Our panel of experts give their suggestions on how to best monitor quality across multiple contact centre channels.
Don’t Use the Same Generic Form for all Channels and Programmes
Something that many contact centres get wrong is using the same quality evaluation criteria for all contact centre channels. Remember, each channel is likely to involve different customer expectations, business objectives and measures of success.
Yet, while this is a key DON’T, let’s have a look at three important DO’s for monitoring quality across different channels.
DO: Constantly re-evaluate your forms. Business objectives and needs shift quickly. A monitoring form should always reflect your goals and should be thought of as a “work in progress”, always being adapted to meet the current needs.
DO: Aggregate, track and share results. Great quality management programmes compile results at the advisor, team and location levels to track growing trends and gain additional insights.
DO: Hold recurring calibration sessions. Calibration with all the stakeholders helps ensure that monitoring and scoring is done consistently.
Thanks to Patrick Russell at NICE inContact
Consistently Ask Customers if They Are Satisfied
In a lot of ways, the only measure that really matters is the satisfaction score that customers themselves would give you. Call monitoring and speech analytics have a role, but they’re just proxy measures for the real customer’s real sentiment about a given interaction.
So, the best way to measure quality across channels is to consistently ask customers if they’re satisfied, no matter where the interaction takes place, and collate the results in one system – a single point of truth.
Customer “survey fatigue” is a real issue, but it only appears when customers see surveys as measurement exercises, not genuine efforts to listen to them and hear their feedback. This highlights the importance of giving customers a real voice, treating them as individuals and responding to their concerns.
Thanks to Guy Letts at CustomerSure
Make Sure You Are Measuring the Right Things
Historically, most organisations focus on ‘nuts and bolts’ metrics like Average Handling Time (AHT), how many calls are processed per day and what channels did they come through, to measure contact centre performance.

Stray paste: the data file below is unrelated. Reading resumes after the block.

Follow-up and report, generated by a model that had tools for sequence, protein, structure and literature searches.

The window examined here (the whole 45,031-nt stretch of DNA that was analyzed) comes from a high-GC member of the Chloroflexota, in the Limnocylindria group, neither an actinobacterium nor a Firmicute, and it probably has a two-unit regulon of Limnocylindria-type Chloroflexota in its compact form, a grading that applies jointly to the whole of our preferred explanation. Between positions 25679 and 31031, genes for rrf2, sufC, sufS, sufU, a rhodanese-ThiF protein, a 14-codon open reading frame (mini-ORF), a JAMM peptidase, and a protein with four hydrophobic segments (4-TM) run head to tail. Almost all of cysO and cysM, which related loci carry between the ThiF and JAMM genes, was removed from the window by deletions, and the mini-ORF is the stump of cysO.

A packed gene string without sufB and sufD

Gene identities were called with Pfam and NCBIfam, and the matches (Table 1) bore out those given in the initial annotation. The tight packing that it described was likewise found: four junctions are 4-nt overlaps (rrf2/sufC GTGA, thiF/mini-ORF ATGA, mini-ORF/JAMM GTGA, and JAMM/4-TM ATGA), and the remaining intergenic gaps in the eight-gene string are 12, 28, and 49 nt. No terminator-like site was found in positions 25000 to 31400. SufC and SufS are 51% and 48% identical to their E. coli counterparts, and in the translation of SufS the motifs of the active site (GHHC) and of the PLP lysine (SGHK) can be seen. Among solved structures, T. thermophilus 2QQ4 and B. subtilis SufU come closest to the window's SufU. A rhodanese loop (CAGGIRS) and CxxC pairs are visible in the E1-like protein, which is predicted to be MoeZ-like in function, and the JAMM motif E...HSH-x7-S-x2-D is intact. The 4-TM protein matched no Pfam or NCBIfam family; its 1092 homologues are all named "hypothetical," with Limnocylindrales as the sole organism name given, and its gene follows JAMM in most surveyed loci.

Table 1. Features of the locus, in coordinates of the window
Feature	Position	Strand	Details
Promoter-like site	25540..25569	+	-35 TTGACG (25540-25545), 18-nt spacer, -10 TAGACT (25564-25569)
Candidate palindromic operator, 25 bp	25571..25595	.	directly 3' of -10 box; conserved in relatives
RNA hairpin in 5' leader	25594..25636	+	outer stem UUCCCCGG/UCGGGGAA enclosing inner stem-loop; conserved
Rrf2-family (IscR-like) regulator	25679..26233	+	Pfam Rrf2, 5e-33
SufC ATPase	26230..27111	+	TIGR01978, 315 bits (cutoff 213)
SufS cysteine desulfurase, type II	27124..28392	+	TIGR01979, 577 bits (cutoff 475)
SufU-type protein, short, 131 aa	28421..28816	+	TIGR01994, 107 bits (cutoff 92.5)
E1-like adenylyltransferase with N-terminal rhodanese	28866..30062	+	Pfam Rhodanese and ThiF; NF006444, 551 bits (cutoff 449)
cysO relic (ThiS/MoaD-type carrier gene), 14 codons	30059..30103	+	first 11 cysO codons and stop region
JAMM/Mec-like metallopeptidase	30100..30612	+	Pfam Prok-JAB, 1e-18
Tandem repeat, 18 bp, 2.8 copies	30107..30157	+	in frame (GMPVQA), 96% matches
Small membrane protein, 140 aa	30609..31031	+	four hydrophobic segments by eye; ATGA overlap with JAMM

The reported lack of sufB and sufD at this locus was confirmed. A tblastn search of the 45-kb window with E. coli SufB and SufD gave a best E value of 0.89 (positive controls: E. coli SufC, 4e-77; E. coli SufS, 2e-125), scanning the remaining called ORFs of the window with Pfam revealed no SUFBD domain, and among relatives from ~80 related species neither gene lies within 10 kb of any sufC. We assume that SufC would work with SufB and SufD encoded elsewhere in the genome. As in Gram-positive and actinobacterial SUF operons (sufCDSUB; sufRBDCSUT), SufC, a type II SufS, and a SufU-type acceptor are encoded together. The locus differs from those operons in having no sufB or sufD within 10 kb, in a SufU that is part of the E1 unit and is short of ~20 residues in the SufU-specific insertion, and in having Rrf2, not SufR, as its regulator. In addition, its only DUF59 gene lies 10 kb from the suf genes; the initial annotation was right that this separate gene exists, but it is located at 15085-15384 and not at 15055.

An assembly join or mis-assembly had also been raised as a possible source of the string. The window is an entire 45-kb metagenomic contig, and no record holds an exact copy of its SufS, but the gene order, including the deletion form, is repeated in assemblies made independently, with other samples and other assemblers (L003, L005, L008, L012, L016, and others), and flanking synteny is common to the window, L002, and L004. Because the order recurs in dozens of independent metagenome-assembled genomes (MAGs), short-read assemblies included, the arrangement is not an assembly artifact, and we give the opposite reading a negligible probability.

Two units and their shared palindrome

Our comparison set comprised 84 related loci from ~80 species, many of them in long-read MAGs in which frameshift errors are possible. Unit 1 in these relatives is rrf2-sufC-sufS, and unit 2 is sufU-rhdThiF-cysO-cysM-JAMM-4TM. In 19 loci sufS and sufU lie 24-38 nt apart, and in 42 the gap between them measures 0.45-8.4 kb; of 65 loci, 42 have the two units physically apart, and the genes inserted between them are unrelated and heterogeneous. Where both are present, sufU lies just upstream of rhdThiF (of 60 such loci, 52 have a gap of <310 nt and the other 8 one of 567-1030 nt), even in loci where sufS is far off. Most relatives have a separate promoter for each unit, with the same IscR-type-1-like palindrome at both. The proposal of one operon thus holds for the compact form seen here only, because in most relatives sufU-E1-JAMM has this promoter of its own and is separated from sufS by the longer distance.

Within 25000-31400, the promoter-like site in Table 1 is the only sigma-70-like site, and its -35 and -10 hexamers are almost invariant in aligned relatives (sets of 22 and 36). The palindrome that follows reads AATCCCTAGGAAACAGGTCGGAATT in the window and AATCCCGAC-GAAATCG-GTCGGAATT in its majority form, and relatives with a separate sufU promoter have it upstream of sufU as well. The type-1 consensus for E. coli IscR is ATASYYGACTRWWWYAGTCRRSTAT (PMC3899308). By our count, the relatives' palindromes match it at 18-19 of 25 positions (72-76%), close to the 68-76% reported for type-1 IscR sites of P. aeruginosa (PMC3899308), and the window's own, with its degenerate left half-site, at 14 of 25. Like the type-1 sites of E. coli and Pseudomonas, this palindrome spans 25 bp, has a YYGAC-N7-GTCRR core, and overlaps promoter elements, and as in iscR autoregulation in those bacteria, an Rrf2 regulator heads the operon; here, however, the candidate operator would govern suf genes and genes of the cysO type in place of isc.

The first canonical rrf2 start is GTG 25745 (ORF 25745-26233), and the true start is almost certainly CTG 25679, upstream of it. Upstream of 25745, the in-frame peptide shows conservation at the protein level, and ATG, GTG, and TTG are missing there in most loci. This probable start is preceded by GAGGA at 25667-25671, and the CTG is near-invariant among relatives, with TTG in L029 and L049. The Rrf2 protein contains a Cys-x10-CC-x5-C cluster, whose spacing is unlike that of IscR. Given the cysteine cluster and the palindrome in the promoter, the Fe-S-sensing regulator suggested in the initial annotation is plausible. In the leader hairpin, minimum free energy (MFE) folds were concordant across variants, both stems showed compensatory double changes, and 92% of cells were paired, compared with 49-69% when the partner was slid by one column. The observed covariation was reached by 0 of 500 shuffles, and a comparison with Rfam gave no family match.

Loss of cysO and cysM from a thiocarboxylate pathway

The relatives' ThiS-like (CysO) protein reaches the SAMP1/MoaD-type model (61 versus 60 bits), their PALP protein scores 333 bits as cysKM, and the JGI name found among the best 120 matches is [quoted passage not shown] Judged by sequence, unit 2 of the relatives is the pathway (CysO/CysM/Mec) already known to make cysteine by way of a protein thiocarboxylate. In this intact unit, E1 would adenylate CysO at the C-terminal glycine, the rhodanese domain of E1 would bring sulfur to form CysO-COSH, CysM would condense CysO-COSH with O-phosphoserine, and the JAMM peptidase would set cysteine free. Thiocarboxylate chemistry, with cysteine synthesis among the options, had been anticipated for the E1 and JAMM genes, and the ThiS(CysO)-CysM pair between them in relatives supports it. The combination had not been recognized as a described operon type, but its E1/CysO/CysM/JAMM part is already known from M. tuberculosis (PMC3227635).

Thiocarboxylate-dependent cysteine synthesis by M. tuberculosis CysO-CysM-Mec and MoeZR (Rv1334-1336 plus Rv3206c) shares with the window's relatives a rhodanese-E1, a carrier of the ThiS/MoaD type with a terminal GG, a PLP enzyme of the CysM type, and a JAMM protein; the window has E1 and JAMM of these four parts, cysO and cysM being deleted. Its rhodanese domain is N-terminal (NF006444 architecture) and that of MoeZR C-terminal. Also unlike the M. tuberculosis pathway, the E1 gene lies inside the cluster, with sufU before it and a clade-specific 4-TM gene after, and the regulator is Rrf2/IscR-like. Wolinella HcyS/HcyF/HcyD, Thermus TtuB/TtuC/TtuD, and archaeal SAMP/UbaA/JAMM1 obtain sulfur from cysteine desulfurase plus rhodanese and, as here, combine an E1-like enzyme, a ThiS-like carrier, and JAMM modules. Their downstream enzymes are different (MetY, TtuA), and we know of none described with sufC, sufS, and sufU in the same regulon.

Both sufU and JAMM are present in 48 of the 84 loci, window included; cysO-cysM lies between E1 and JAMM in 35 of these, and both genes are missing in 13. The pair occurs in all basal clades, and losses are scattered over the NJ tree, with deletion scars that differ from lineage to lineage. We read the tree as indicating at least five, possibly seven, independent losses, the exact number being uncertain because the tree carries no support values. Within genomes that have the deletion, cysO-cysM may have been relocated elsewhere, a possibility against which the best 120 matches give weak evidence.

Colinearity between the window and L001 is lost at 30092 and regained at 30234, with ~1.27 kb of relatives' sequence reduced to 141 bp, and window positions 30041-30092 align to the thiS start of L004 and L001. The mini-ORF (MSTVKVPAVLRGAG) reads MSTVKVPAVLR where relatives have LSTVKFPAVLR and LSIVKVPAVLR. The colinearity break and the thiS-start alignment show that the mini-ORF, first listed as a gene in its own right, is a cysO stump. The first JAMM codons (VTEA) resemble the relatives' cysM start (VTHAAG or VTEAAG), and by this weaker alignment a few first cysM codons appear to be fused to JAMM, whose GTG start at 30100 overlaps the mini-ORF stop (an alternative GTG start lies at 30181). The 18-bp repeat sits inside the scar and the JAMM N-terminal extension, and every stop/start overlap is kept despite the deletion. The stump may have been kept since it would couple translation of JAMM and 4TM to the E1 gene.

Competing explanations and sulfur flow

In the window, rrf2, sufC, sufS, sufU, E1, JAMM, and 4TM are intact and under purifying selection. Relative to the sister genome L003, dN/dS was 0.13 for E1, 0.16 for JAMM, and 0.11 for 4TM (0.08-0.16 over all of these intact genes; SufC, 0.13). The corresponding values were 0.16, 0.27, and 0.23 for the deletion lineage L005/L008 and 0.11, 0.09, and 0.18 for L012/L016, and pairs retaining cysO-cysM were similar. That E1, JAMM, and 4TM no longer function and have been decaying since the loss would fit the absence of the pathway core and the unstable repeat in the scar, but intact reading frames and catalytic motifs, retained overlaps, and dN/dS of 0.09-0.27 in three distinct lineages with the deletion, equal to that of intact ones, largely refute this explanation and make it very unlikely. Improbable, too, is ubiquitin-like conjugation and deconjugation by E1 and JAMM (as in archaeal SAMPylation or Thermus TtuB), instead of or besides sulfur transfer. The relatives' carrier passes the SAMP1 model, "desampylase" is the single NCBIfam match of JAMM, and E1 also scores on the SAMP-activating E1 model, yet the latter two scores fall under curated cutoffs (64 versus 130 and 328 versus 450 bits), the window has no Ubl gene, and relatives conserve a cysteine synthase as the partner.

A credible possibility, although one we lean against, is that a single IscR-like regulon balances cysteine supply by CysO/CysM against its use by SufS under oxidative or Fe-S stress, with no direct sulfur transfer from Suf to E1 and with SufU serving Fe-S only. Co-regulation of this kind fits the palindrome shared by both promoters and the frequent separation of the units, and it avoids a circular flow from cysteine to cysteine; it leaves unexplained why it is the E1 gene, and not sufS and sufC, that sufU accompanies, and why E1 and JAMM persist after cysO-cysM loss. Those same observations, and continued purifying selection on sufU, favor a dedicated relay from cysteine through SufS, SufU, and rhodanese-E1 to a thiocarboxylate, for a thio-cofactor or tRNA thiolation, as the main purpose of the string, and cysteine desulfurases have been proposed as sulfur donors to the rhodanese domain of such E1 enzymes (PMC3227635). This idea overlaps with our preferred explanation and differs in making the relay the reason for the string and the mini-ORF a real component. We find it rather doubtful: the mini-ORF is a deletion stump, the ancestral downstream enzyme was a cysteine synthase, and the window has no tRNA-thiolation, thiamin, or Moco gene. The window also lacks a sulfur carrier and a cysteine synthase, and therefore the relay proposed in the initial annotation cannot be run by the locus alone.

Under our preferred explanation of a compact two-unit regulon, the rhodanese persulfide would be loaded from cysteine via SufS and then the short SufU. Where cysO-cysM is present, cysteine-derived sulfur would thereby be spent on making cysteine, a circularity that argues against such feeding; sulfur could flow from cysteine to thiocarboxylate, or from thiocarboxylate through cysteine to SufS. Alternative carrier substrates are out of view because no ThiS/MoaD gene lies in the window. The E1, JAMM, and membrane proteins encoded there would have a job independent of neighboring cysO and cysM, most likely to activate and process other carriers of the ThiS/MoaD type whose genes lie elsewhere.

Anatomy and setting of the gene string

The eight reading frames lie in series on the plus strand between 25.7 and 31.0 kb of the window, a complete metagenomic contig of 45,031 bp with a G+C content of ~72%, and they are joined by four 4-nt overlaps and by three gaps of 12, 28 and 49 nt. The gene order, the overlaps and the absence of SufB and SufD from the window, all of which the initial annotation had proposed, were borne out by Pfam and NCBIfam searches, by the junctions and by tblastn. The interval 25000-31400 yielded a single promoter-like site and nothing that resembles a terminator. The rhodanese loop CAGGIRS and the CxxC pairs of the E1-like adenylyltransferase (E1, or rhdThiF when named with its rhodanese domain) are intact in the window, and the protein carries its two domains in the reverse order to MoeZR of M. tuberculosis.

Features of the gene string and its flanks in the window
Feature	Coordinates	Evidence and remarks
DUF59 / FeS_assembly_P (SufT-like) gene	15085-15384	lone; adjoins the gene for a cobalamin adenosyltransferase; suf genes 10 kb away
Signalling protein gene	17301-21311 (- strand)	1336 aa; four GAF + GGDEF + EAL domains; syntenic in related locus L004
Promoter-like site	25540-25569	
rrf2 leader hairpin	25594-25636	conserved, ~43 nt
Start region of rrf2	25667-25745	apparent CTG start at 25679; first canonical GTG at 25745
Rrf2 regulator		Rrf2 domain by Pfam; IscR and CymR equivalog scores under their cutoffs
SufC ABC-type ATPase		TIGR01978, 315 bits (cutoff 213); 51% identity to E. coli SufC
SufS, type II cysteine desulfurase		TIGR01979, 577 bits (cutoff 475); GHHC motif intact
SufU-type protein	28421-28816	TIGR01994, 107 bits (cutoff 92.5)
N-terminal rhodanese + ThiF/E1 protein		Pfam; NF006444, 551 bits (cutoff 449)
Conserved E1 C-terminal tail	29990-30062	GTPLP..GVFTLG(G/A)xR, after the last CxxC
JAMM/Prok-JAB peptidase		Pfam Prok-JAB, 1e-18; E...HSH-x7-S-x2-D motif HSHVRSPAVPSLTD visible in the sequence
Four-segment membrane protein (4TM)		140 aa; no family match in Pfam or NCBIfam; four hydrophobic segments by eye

These quantitative measurements are attractive because they are relatively easy for businesses to manage. These are easily defined and give organisations fast results with minimal effort – but are they really telling them what they need to know?
Businesses need to start thinking more about what are the key customer journeys within their business and the top interactions they deal with and then they can start to map the process of what the optimal journey looks like for each interaction.
Once the business has established the desired outcomes, it can then decide what needs to be measured and begin collecting the relevant metric.
Once the business has established its desired outcomes, it can then decide what needs to be measured and begin collecting the relevant metrics, which will provide an idea of quality across different channels.
These processes need to be carried out in the above order. Businesses need to know their optimal customer journeys and business outcomes before they can come up with an accurate measurement framework.
Use a Fully Integrated Quality Management Suite
Businesses can benefit from using fully integrated quality management suites that incorporate dashboards and allow the business to measure at supervisor level but also empower the advisor to see how they are performing. This would be across a range of real-time variables against whatever goals or targets they may have been set.
Scorecards, benchmarking, call recording and screen recording can all be delivered within a single package and presentation layer that can be used by all members of the contact centre team.
Another technology that could be used is a real-time speech analytics (RTSA) solution. As well as monitoring 100% of interaction, this solution can deliver live feedback, improve performance and increase training efficiency by enabling advisors to self-coach.
Thanks to Jeremy Payne at Enghouse Interactive
Follow This Five-Stage Process
Having a cloud-based solution, with quality management built in – which brings together multiple channels – will enable you to monitor quality using the following five methods.
1. Select and evaluate large numbers of interactions across multiple channels and teams, slicing and dicing them to suit your specific needs – whether that’s by business relevance, employee performance or customer input.
2. Categorise calls, prioritising them by situations that make or break customer relationships, including greetings, escalations, hold behaviours, empathy and confusion.
3. Use scorecards to flag up skills or knowledge gaps and then assign meaningful coaching sessions with associated KPIs.